$\underline{\mathsf{EQUAL\mbox{ }k-COMPLEMENTARY\mbox{ }SUBSET\mbox{ }SUM(EkCSS)} }$Problem:

Input: $a_1,\dots,a_n,b\in \mathbb Z$, with distinct $a_i$ and $k\in\Bbb Z^+$.

Output: $k$ $\mbox{ }\underline{not\mbox{ }necessarily\mbox{ }disjoint}$ subsets of $a_i$s of sizes $n_1,\dots,n_k$ satisfying $\sum_{i=1}^kn_i=n$ such that each subset sums to $b$.

(1) Is $\mathsf{EkCSS}$ $NP$-complete?

(2) If we replace requiring $k$ subsets by requiring $\lceil\log^cn\rceil$ subsets for some fixed $c\in\Bbb R^+$ does the problem remain NP complete?

(3) Is $\mathsf{EkCSS-Diff}\mbox{ }$ $NP$-complete where $\mathsf{EkCSS-Diff}$ is same as $\mathsf{EkCSS}$ but with added condition $n_i\neq n_j\forall i\neq j$ (different subset sizes)?


This is a reduction (attempt :-) from this slight variant of SUBSET SUM (which should be NPC) to prove that E2CSS is NP-complete:

Given integers $A = a_1,a_2,...,a_n\;; a_i > 0$ (with the additional constraint that n is even) and a target sum $b$. Does exist $X \subseteq A$ such that $|X|=2m, m \geq 1$ (i.e. $|X|$ is even and greater than or equal to 2) and $sum(X)=b$?

Reduction: suppose that $2^k > b+\sum_{i=1}^n |a_i|$; then we expand $A$ adding a dummy solution

$A' = A \cup \{ -2^k, 2^k + b\}$

If $X$ is a solution for the original problem, then $X, Y= \{ -2^k, 2^k + b\}$ are two distinct solutions for $A'$ and target sum $b$. Now we can further expand $A'$ to $|A''|$ adding padding pairs of integers that do not affect the sums but can be used to "pad" $X$ and $Y$ up to $|X|+|Y|=|A''|$. We have $|A'|=n+2$, so we add $n/2-1$ pairs $\{2^{k+i},-2^{k+i}\}$, $i=1..n/2-1$:

$A'' = \{a_1,...,a_n,-2^k, 2^k + b, 2^{k+1},-2^{k+1},...,2^{k+n/2-1},-2^{k+n/2-1}\}$, $|A''|=2n$

Using all the $n/2-1$ padding pairs we can build a set $Z$ such that $sum(Z)=0$ and $|Z|=2(n/2-1)=n-2$.

We can notice that using the dummy solution and the padding pairs we can build a set $Y'=Y \cup Z$, $sum(Y')=b$, $|Y'|=n$ (which is half the size of $A''$). So in order to get another different solution we must use two or more of the $a_i$ plus some padding pairs.

In the figure a binary expansion of the elements of $A''$: enter image description here

The above reduction works for any fixed $k$: just start with the (NP-complete) subset sum variant in which $k$ divides $n$ and $|X|\geq k$, then add $k-1$ dummy solutions (each dummy solution made with $k$ elements) and $(n/k-1)$ padding k-tuples.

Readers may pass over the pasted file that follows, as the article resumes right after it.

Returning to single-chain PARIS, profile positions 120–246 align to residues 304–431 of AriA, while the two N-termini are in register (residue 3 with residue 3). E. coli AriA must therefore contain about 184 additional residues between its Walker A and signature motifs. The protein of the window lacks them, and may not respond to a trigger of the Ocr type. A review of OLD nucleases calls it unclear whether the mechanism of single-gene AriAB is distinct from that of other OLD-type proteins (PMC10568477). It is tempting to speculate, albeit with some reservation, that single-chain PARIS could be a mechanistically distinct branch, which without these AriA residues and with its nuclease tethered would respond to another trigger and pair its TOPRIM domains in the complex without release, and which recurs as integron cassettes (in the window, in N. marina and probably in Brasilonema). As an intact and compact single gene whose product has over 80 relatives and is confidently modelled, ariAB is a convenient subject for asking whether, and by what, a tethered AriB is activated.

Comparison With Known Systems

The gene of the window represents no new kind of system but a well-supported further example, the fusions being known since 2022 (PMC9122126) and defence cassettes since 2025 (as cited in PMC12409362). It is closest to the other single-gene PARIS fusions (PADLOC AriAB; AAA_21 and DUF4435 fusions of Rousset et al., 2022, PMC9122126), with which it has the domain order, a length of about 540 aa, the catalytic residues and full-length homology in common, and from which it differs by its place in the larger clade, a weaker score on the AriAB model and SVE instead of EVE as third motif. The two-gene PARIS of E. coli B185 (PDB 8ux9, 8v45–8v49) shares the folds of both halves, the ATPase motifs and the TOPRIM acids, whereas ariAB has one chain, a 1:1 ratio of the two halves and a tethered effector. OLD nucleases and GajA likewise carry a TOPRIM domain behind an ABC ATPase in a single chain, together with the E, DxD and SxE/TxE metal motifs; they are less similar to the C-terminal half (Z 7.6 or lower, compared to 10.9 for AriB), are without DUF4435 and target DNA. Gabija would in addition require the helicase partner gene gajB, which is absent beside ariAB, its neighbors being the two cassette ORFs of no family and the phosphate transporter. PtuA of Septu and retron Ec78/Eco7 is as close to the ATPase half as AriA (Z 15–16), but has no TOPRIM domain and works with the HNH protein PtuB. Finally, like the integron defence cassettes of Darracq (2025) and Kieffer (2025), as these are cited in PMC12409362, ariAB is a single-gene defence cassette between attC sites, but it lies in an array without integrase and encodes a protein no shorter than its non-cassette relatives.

If $k$ is part of the input (EkCSS), we have a simple generalization of the E2CSS problem and its NP-hardness follows immediately by the NP-completeness of E2CSS; the reduction is trivial: given an instance $A'',b$ of the E2CSS problem, just transform it to $A'',b,k=2$ which is a valid instance of the EkCSS problem. So EkCSS is NP-complete.

(Very informally) The EkCSS-diff should be NP-complete, too and the reduction from EkCSS is: "attach" to every $a_i$ a group of elements $T_i$ of size $m_i=(i+1)*n$:

$T_i= \{ a_i+1*2^u, 2*2^u,3*2^u,....,(m_i-1) 2^u,-2^u*\sum_{j=1}^{m_i-1} \}, |T_i|=(i+1)*n$

The first element of $T_i$ which replaces $a_i$, contains two detached "bit components" the original $a_i$ and $1*2^u$; but the only way to "clear" $1*2^u$ is to include the other elements of $T_i$ and the final one that is the only negative element (it "clears" all the previous $2^u$ components).

Every $T_i$ have distinct values for $u$ (and choosen in such a way that the sums don't interfere with each other and with the sum of the original $a_i$s).

  • $\begingroup$ Thankyou. Does the expansion trick work if we replace $2$ with $3,4,...$ or general $k$ or $\log^cn$? $\endgroup$
    – Mr.
    Nov 30 '13 at 17:46
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    $\begingroup$ I think that the same argument can be applied to any fixed $k\geq 2$ (it is easy to see that the corresponding starting subset sum variants are still NPC ). If you use $k$ as a parameter (or $\log^c n$) then you must "embed" the reduction from SUBSET SUM to the starting SUBSET SUM in which it is required that $n$ is a multiple of $k$ and the size of the solution subset is still a multiple of $k$ (add shifted $a_i$ $k$-times and use as target $b$ the bitwise or of the shifted $b$). If you want I can expand this part and further formalize the proof. P.S. are you using it in another context? $\endgroup$ Dec 1 '13 at 9:26
  • $\begingroup$ "are you using it in another context?" yes can the n' in your answer be not multiple of base n? I have not fully checked if n'=nk will be fine for me (but something tells it may be better). Could you formalize the proof? $\endgroup$
    – Mr.
    Dec 1 '13 at 9:54
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    $\begingroup$ Yes absolutely. I think the approach simplifies many other related proofs as well(your whole proof could be reduced to a sentence or two if argued precisely), that have been shown to be NPC and another thing that seems interesting is it works if we replace $a_i\in\Bbb Z$ with $a_i\in\Bbb F_p$ and it also seems extendable to counting problems. Give me some time. I am working on some applications and I am writing some other work. I will get back to you with details. $\endgroup$
    – Mr.
    Dec 3 '13 at 15:50
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    $\begingroup$ Perfect, if you want to contact me, my email is marziodebiasi [at] gmail [dot] com . $\endgroup$ Dec 3 '13 at 16:11

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